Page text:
This is extremely useful. More than once I launched debugging from Visual Studio, found a weird bug, and had to launch it again from RenderDoc, trying to reproduce the bug.
So I looked at the source code uploaded on Github by Temaran, removed the UE4 related code and only kept a single class to be able to load RenderDoc and trigger a capture directly from my engine.
You can find the code here: https://github.com/oks2024/RenderDoc-Manager
In the end it’s just two header and one cpp file. You just have to provide some paths, like where you want to store the captures and your RenderDoc folder. In my case I use the portable version and stored it in Perforce. Keep in mind that your build target must match the RenderDoc version, you can’t mix x86 and 64bits.
You can either bind a key to RenderDoc that will trigger a capture or use the StartFrameCapture()/
It’s working great in my small engine, I’m using it for a couple of days and hadn’t noticed any issue. I know that it can slow down the resources creation so for a bigger engine it’s not be something you want to have always enabled.
As you can see it’s very a basic code skeleton, and most of the code is from Temaran’s plugin, but I found it really usefull and thought it worth sharing.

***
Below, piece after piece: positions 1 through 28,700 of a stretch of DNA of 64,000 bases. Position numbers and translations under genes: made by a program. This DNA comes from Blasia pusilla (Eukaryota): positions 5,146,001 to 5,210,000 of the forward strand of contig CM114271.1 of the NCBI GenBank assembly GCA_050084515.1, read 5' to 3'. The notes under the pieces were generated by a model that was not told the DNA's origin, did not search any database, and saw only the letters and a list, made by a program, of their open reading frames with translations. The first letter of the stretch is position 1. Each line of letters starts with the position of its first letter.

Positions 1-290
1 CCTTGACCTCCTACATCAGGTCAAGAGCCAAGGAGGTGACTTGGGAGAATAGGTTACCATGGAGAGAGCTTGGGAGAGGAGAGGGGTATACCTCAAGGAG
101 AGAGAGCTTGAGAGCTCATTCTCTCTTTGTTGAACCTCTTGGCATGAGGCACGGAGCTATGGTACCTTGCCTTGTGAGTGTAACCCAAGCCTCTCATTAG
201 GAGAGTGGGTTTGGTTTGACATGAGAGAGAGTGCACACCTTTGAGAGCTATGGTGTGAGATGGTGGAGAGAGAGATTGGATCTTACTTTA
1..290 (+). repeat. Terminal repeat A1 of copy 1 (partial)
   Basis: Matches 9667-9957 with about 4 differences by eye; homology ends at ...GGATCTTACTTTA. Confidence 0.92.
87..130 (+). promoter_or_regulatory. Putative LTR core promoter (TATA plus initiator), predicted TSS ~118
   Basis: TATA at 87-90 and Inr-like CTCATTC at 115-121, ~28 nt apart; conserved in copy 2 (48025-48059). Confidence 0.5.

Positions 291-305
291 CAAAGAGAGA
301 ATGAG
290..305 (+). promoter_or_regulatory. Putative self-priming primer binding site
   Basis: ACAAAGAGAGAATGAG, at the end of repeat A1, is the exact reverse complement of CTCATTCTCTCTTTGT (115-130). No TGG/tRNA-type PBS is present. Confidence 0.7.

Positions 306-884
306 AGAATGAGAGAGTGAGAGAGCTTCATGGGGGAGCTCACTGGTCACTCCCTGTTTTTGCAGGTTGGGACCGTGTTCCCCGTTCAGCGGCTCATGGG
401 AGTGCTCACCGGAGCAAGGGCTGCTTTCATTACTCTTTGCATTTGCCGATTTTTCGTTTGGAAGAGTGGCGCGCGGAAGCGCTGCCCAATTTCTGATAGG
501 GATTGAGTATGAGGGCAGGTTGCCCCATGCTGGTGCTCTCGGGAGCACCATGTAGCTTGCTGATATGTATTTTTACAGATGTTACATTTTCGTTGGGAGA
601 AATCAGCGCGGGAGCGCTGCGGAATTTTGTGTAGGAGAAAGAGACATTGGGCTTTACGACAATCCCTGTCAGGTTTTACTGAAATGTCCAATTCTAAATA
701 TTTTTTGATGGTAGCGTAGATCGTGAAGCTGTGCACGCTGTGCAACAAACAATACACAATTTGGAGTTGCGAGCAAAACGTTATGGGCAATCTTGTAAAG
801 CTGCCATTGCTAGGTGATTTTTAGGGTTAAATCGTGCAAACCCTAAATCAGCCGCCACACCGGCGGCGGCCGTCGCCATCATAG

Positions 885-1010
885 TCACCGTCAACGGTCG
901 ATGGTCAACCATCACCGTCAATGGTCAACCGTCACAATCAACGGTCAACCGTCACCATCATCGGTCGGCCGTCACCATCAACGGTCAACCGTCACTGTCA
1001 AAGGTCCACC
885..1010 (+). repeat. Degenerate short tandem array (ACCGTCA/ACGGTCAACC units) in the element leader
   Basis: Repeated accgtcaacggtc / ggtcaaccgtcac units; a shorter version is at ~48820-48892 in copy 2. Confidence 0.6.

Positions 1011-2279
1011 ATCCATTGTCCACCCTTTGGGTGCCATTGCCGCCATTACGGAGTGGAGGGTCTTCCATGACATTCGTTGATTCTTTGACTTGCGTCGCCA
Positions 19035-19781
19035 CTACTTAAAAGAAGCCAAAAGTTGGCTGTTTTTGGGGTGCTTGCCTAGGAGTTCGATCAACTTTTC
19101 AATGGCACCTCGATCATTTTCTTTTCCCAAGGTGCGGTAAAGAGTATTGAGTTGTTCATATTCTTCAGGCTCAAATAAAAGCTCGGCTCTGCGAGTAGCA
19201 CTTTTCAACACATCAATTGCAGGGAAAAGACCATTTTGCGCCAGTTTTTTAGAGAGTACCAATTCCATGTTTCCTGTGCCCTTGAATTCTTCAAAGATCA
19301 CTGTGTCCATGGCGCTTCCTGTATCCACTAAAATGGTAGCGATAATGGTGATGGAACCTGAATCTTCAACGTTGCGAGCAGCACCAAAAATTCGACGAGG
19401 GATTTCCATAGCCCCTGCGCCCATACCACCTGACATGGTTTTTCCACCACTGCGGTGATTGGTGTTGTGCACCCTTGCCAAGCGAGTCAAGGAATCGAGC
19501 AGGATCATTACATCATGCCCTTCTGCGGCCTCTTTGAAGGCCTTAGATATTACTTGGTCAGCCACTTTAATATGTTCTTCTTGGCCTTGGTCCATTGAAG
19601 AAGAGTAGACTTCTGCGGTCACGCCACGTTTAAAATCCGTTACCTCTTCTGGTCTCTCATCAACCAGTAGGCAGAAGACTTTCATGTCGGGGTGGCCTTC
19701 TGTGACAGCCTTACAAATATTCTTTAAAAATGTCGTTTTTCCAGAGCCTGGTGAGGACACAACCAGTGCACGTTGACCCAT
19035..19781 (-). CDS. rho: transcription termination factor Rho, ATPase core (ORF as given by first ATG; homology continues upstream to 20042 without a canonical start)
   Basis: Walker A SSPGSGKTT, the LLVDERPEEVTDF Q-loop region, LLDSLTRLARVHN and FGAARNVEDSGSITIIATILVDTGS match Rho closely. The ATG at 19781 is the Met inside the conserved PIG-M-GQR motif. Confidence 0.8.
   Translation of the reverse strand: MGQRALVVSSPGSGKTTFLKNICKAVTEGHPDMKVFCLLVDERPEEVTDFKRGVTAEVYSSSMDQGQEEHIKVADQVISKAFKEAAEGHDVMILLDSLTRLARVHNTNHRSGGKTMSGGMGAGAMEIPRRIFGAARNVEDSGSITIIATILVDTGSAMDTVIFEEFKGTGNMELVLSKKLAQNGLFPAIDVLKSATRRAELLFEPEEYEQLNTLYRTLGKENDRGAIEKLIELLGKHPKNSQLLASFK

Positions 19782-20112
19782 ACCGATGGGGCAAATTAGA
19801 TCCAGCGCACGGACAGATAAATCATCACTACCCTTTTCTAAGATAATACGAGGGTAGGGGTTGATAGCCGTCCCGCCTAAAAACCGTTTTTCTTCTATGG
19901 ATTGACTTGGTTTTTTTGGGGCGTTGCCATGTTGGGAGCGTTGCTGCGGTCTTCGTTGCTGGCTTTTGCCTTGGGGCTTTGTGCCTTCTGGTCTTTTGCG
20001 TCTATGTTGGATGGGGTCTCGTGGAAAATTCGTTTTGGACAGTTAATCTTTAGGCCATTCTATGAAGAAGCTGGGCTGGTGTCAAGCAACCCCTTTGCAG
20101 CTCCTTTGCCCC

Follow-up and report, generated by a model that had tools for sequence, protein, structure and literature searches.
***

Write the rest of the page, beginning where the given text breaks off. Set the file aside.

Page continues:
I think I will add functions (at least to set capture options without having to recompile) as I need them, and I will try to keep the Github repository up to date. And if you have any suggestion, it’s on github, so feel free to leave a comment or add your modifications :).
Apart from debugging, it may also be usefull for creating automated tests. With the appropriate script you can load a level, move the camera through several positions, and take captures. And after that it should be possible to get the images (and maybe even timings) from the captures, and compare them to make sure your last submit did not break the rendering.
Baldur Karlsson is doing an amazing work on RenderDoc, with regular updates and new features. I was already one of my favorite tool, and it’s not going to change !